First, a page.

Trouble on the Horizon for LSU Press?

waugh_grantThere has been some Online chatter about the future of LSU PressThe Chronicle of Higher Education recently reported that the state is planning major budget cuts for the school, which may lead to the dismantling of the press.  For those of us who are serious about Civil War and Southern history this would be a major blow.  LSU is one of the top publishers in both of these fields and is responsible for some of the most important studies of the past few decades.  My guess is that the publisher will survive the budget woes, but it may have to cut back on the number of titles.  Let’s hope the quality doesn’t suffer.

On the other hand I just received the latest catalog (Fall/Winter 2009) from UNC Press.  They are slated to release a healthy selection of new titles in both fields.  Forthcoming titles include Joan Waugh’s long-awaited study of Grant as well as Wayne Wei-Siang Hsieh’s study of West Pointers (his UVA dissertation).  You can also look forward to books by Howard Jones, William L. Shea, Michael Perman, William Blair ed., and Judith Giesberg.  Most of these titles can be found in Gary Gallagher’s Civil War America series.

On a completely different note I just accepted an invitation for next Wednesday to talk to a Cub Scout troop about the Civil War.  I am going to see if we can meet at the Confederate cemetery at UVA, which would make for the perfect setting.

9 comments… add one
  • Mike May 26, 2009 @ 5:11

    I sure hope this doesn’t come to pass and that LSU Press misses the chopping block. They print lots of good books that otherwise would never see the light of day.

  • Kevin Levin May 24, 2009 @ 15:47


    Thanks for recommending my blog to your students.


    Great idea and one that I may follow up with.

  • Mark R. Cheathem May 24, 2009 @ 14:26

    My second book will examine Andrew Jackson as a southern plantation and slave owner. Although John Marszalek was my dissertation supervisor and graduate mentor, I am more a Jacksonian than a Civil War historian.

    I enjoy your blog. I recommended it to the students in my Civil War class last semester.

  • Ken Noe May 24, 2009 @ 8:14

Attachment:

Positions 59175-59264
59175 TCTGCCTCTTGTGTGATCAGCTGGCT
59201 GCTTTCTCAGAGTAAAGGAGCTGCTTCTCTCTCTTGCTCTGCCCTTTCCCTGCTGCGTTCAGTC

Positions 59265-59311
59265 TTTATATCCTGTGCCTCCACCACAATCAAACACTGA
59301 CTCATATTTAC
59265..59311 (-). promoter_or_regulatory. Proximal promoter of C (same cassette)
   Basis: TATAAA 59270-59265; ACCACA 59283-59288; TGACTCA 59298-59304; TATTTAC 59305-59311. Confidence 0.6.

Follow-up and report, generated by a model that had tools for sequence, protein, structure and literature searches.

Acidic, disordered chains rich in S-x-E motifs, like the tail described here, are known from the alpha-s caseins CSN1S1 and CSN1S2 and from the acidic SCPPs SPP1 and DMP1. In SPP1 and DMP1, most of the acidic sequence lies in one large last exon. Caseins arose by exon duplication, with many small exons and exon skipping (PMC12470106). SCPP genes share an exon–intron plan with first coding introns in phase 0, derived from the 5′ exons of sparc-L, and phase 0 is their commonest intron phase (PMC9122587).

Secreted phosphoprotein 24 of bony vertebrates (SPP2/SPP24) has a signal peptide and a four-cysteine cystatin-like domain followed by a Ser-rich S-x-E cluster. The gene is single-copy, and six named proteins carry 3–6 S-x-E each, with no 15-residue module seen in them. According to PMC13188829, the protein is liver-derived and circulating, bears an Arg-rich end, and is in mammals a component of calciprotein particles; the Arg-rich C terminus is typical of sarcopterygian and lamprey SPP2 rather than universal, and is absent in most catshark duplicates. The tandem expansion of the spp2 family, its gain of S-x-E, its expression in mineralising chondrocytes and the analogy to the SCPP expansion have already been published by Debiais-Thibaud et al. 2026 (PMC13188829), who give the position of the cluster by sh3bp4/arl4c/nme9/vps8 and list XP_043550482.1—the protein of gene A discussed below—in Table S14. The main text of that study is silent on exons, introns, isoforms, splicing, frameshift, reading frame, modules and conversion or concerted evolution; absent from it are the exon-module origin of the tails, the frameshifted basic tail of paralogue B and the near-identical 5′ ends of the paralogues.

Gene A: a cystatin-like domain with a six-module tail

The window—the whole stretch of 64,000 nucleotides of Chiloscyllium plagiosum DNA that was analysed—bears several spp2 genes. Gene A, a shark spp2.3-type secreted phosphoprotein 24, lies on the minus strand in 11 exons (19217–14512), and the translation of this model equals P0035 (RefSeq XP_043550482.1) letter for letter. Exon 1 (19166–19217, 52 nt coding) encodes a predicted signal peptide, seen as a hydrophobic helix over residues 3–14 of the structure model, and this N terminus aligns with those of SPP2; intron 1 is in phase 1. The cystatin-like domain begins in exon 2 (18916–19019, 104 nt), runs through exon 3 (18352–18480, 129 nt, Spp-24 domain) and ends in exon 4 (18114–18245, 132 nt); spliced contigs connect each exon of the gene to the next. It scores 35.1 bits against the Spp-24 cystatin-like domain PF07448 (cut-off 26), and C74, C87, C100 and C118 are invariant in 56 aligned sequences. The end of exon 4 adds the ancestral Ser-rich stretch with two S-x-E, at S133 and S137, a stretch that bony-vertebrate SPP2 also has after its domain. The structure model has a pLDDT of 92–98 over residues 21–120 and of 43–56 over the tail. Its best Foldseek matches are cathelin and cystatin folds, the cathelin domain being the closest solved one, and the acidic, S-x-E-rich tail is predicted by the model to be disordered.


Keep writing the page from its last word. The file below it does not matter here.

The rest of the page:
There is a campaign currently afoot to have people write letters to the LSU chancellor and provost (not e-mails) about the importance of the press. My letter is already in the mail. –Ken

  • Kevin Levin May 24, 2009 @ 5:49

    Hi Mark,

    Thanks for taking the time to comment. What is your second book about? I agree that it would be a shame to lose LSU. The other day I had a chance to talk a bit with a series editor at UNC Press, who thinks that LSU will make it through this tough patch. Let’s hope so.

  • Mark R. Cheathem May 24, 2009 @ 5:30

    Losing LSU Press would, indeed, be sad. My first book, Old Hickory’s Nephew: The Political and Private Struggles of Andrew Jackson Donelson, was published as part of the Southern Biography Series; my second book is under contract with them. Bert Wyatt-Brown, Rand Dotson, and the rest of the editors have done superb work in the past few years. It would be a shame to lose the preeminent southern university press.

  • Kevin Levin May 23, 2009 @ 16:45


    I am very much looking forward to seeing how UofMichigan press fairs with a digital format.


    I appreciate your love of books and I do share it. That said, my view of this matter has definitely evolved over the past few years, especially as I come to appreciate the opportunities of digital history as well as Online research programs such as Zotero. I’ve become much more utilitarian about information. The overriding issues have become more and more about access to information and the integration of that information into various electronic formats.

  • Paul Taylor May 23, 2009 @ 14:41

    Sad indeed if Larry is right. For countless people, books are much more than mere words on a page or a means of conveyance for ideas. They are tangible objects that ardent bibliophiles love to touch, hold, smell, etc. Same concept as to why there’s been a bit of a renaissance for vinyl LP’s in the music field – they have become a rejection of what someone termed “the ethereal nature of the digital age.”

  • Larry Cebula May 23, 2009 @ 7:59

    Sad news. We are in a rough transition spot in between traditional scholarly publishing, which has become an unsustainable model, and the digital/print-on-demand future. The University of Michigan press is going digital only. I suspect that a majority of journal articles are being accessed digitally even now. In a few years print copies of journals will be rare and all but the books with the greatest interest will be digital only.

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